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  • Kelsey

DIY Play Kitchen Upcycle From Old Furniture

I'm not going to add difficulty levels and time expectations for this one because it will differ SO much depending on what type of furniture you're transforming!


I've been wanting to get a play kitchen for Leo for awhile. She really loves to open and close cabinet doors so I thought this might be a nice distraction. The only problem was that play kitchens are insanely expensive! I had no desire to spend hundreds of dollars on something she will probably destroy in a year or two. I've seen a lot of people upcycle old pieces of furniture so I thought it was worth a try!


This old cabinet thing used to hang in our laundry room before our laundry room makeover. And I had this old set of drawers that were in pretty bad shape. The previous owners of the house left them and they've been sitting unused in the garage for the last year! I thought these would make the perfect countertop and fridge!



A few disclaimers before we get started.

  • I'm not going to go into a ton of step by step detail because you will probably use a completely different type of furniture than I did and it would be super boring. If you'd like more info on how I did a specific thing feel free to reach out!

  • If you have the option, get a piece of furniture that already has doors (like an entertainment stand). Building doors is HARD. Hinges are confusing.

  • Please forgive some of these terrible pictures. I had to work on this in the garage at night and the lighting was just awful.


Ok, now let's get started.


The first thing I did was get the pieces ready to work on, which included patching up some of the old holes, removing the top of the drawers, the hardware, and taking the drawer apart so I would just have the drawer face.


I wanted to turn the drawer face into the cabinet doors, so I cut the drawer face in half.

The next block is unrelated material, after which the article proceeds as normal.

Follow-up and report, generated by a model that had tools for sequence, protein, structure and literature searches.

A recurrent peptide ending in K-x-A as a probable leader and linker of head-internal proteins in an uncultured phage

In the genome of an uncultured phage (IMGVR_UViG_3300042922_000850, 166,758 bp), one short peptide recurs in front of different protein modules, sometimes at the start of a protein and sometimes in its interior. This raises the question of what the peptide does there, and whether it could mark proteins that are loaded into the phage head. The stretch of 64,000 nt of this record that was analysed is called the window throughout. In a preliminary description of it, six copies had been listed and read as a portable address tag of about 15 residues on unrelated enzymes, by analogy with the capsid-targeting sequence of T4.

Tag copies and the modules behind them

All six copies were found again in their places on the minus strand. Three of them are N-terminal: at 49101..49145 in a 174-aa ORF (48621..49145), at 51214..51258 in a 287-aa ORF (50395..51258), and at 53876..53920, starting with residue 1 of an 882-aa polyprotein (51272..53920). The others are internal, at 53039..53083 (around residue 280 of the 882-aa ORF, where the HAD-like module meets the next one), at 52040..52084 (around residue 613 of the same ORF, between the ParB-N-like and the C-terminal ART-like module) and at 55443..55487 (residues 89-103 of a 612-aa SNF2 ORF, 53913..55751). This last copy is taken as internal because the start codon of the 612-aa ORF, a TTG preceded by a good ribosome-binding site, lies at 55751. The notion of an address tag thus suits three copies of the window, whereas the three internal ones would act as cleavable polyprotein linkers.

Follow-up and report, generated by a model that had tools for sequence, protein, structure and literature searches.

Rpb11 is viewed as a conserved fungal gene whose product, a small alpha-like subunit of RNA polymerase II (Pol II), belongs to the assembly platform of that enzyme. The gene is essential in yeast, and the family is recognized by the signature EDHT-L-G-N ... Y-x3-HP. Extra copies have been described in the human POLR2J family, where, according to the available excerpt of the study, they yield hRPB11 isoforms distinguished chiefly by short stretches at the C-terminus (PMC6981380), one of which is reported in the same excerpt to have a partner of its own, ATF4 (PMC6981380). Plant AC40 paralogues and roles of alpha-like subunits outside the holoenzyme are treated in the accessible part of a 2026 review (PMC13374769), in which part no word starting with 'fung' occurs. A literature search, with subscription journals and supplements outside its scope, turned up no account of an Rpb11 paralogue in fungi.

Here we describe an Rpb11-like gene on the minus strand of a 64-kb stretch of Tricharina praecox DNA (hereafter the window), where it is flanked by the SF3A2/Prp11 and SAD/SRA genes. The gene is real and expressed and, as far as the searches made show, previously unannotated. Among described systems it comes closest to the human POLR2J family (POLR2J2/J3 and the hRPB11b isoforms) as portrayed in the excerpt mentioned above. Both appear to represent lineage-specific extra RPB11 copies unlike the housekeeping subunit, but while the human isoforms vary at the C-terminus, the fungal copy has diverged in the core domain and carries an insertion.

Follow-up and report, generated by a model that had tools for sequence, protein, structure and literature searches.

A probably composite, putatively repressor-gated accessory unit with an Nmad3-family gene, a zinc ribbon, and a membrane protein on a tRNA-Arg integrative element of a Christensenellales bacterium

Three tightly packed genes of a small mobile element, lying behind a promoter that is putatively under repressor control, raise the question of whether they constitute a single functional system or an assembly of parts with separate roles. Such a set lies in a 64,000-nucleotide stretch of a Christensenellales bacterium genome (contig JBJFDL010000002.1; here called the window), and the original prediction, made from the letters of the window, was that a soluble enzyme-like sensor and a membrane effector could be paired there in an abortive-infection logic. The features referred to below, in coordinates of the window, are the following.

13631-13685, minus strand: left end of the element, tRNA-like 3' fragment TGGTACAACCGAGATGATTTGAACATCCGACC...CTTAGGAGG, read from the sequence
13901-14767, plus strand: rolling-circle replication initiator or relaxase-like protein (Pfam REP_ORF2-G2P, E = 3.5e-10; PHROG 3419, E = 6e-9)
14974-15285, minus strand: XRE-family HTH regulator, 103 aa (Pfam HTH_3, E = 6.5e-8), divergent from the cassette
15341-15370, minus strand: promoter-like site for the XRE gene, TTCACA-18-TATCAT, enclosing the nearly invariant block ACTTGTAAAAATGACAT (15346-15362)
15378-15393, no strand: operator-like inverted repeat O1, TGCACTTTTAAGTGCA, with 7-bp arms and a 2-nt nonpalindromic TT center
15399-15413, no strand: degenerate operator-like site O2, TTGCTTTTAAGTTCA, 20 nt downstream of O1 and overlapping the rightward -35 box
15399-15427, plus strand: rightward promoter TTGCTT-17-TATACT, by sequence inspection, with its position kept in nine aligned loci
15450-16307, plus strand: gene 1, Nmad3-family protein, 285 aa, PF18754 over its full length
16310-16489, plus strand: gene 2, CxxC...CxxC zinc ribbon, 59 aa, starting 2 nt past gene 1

The next step was to put in some bracing for the piece of plywood I was going to use for the countertop. I had some leftover long, thin pieces of wood (probably a quarter or half inch thick?) from another project so I just screwed those into the back and sides of the dresser-thing.


Next up: priming! This was a super important step because these were both laminate pieces (not real wood). Laminate is notoriously hard to paint so sanding and priming was a must.


Then we moved onto painting! I wanted a retro-type red kitchen, so I did red for the fridge and then a two-tone red/white for the stove/counter piece. I probably ended up doing 4-5 coats of paint on these. I'm not sure if I chose a bad brush or if I'm just bad at painting haha But eventually we covered up all the naked spots and brush strokes!


I painted the doors red, as well. For the fridge door I cut some pieces of plywood I had in the garage. I also wanted to put a little chalkboard on the fridge, so I used some chalkboard paint and painted a square on the fridge door.


The countertop was up next. I really wanted to do a stove and a sink. I had a piece of plywood in the garage that I cut down to fit. The tricky part was figuring out the sink. I really wanted it to be inset (not just sitting on top). I looked through the cabinets and found an old red metal bowl that I never use, so I decided that would work perfectly!


I used the bowl to trace a circle where I wanted the sink to be and then used my jigsaw to cut a circle that was slightly smaller so the bowl would fit in but not fall through.




The next step was attaching the doors and OH MY GOODNESS it was awful. I don't have any pictures of it because I was so angry and it took so long. Doors should be easy, right? You cut some wood the size you want and screw the hinges in. FALSE. I could not get the hinges to work right. I ended up buying like, 5 different types to try. The doors still don't close super well, to be honest. If anyone knows how hinges work and they want to explain it to me I'd be forever grateful because they're still a mystery to me. I even tried to watch videos but there are no basic hinge explanations that I could find so I mostly did a lot of trial and error.